Before becoming Christian you could often hear me say that I was a good person. My Modus Operandi was to work hard, volunteer some of my time and treat others with respect. You know, do a little bit of karma. I wasn’t concerned with why God loves us. I was a good person, by my standards, and that was enough.
Imagine my shock and disagreement when a close friend told me that God didn’t care about whether I was a good or bad person. And that God loved me just as I am. Everything I thought I knew had nothing to do with why God loves us. This might be shocking to know. But the truth is that He really doesn’t care about the good things we do. It’s not like He needs our willingness and abilities to get stuff done. He is God after all.
Here’s my list of myths for why God loves us. Whether you’re a believer or not, you might be able to resonate with some.
1) I am a good person. I do good things.
2) I obey the Bible. Ok, I obey most of the Bible. Points for trying?
3) I give (volunteer) my time to help others.
4) I am better than that other person
5) I am saved by grace
6) I love God
7) I attend Church
8) I tithe
9) I read my bible
10) I pray
These misconceptions get ingrained in us from a young age. Maybe it’s because every god from mythology required humans to earn their love. And it was usually only the smartest, strongest, prettiest and bravest that earned their love. I’m a big fan of Greek mythology. I love the stories of Odysseus and Achilles. I’ve watched the movie Troy numerous times. Some of you might remember the 90’s TV movie The Odyssey. But let’s be real. Do we really want to have to earn love? It can’t be done.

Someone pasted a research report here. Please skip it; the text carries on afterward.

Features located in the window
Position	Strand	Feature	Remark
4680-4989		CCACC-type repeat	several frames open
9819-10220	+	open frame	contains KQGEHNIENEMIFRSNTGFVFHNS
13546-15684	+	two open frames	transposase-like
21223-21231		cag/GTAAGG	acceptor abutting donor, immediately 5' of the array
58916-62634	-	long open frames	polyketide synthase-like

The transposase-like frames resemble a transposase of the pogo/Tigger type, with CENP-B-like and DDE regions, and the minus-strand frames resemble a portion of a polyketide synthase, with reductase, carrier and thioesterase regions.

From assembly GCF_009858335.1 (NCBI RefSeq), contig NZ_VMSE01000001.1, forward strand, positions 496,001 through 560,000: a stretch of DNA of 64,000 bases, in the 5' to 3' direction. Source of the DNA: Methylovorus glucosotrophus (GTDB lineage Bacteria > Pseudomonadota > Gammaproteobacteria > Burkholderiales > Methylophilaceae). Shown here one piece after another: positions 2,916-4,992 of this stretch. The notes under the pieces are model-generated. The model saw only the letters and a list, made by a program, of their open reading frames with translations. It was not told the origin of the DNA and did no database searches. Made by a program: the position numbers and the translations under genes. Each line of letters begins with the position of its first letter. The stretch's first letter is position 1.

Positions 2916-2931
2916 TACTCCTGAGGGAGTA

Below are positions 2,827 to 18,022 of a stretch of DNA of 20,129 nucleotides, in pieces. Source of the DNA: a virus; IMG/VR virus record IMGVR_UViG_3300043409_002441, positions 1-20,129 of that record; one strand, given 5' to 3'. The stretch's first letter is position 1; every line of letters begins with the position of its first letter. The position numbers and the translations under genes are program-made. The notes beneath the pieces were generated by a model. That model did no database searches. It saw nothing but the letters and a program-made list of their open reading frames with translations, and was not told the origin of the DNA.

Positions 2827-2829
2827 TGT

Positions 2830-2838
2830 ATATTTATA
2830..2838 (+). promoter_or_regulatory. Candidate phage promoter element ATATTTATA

You know, there is one way to know when someone loves you. It’s when they’ve accepted all your quirks and faults. 1 John 1:19 says that God loved us first regardless of all that. It says, “We love because He first loved us.”
We can argue with that all we want. But the bottom line is that we’re better off being loved unconditionally. Imagine how you’d like your relationships with others to be. Do you want it to be based off of what you do for them? Would you want to have to do a list of good things to earn their love? Now imagine they’re trying to do the same thing. You’ll both get nowhere.
So let’s keep it simple and just accept that we’re better off not having to earn God’s love. Don’t buy into the myths of why God loves us. Salvation is free.
What’s your Modus Operandi? Got any myths you’d like to share?
Fun fact: Karma is not a Christian belief. Karma means you get what you deserved and salvation by grace is the exact opposite of that.
Featured Photo by http://www.flickr.com/photos/_sound/
2nd Photo by http://dribbble.com/jasonquiz